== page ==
[E-voting] Summary of Electronic Voting System Analysis

Marian Beddill beddill at nas.com
Tue Dec 6 01:06:22 GMT 2005


At 12/5/2005  03:56 PM, you wrote:

>Undervote/overvote are more difficult to ascertain here because we have 
>different classes of voters - ie. in 2004 Irish people could vote in the 
>Referendum, EU citizens in the Euro-election and everyone could vote in 
>the local elections. As far as I know, there is only a single class of 
>voter in the US. There were reports at the time of people voting only in 
>the referendum and not bothering about the elections.
>
>Ciaran

Right.  In the US, there is only a single class of voter.  Either you are - 
or you're not.

But in individual elections, voters in different locations (jurisdictions) 
have different "questions" on which they are allowed to vote. ("questions"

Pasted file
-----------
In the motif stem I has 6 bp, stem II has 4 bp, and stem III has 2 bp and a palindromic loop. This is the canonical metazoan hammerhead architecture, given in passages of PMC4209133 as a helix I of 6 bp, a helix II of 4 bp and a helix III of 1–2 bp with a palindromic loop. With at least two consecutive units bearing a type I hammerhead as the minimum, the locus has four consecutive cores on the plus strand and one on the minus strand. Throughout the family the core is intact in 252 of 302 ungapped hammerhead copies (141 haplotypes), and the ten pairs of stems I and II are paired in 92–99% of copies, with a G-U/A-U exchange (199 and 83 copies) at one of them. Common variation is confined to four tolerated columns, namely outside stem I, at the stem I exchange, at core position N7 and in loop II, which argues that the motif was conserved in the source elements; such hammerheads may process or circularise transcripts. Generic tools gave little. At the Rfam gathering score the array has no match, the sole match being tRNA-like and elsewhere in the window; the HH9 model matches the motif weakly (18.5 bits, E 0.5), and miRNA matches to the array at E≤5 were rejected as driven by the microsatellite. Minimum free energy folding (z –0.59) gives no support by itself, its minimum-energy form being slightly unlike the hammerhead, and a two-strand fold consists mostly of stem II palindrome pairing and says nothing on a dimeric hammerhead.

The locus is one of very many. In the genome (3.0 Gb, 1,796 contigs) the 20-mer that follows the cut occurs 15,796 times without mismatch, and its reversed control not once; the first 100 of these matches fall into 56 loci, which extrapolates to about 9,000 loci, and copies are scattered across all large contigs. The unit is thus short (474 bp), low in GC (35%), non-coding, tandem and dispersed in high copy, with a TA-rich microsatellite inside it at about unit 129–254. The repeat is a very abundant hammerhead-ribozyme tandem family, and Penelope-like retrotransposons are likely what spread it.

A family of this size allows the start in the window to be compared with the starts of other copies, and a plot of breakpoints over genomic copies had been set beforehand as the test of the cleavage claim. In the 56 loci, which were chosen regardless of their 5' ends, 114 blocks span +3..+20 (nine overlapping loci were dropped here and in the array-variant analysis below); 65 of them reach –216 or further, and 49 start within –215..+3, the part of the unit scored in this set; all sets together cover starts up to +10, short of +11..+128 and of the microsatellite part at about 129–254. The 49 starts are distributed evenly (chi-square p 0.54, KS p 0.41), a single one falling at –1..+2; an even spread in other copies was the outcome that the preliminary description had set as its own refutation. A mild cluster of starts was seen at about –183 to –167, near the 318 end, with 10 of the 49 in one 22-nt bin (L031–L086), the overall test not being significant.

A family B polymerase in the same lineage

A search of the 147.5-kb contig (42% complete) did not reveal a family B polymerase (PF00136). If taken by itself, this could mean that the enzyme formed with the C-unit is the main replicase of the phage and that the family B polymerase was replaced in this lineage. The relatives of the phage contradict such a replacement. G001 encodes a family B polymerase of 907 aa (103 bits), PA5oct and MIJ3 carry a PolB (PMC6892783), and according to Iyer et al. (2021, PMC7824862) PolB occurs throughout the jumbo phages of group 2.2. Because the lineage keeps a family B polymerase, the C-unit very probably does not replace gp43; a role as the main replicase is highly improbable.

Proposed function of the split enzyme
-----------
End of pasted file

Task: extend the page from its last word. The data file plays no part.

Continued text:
is a term which includes issues and races.)

A resident within a City may vote on City issues, for example, while one 
outside the city limits cannot. And there are a plethora of Districts, at 
multiple levels of government.

"Overvotes" are not allowed.  (Voting for both candidates, or both YES and 
NO on an issue.)  Exception, the IRV system is beginning to be allowed.
"Undervotes" are OK.  And the data is reported for each individual 
"question" on a ballot.  Indeed, we have people who only mark votes for the 
national races and ignore all the rest.

Marian Beddill
Washington State
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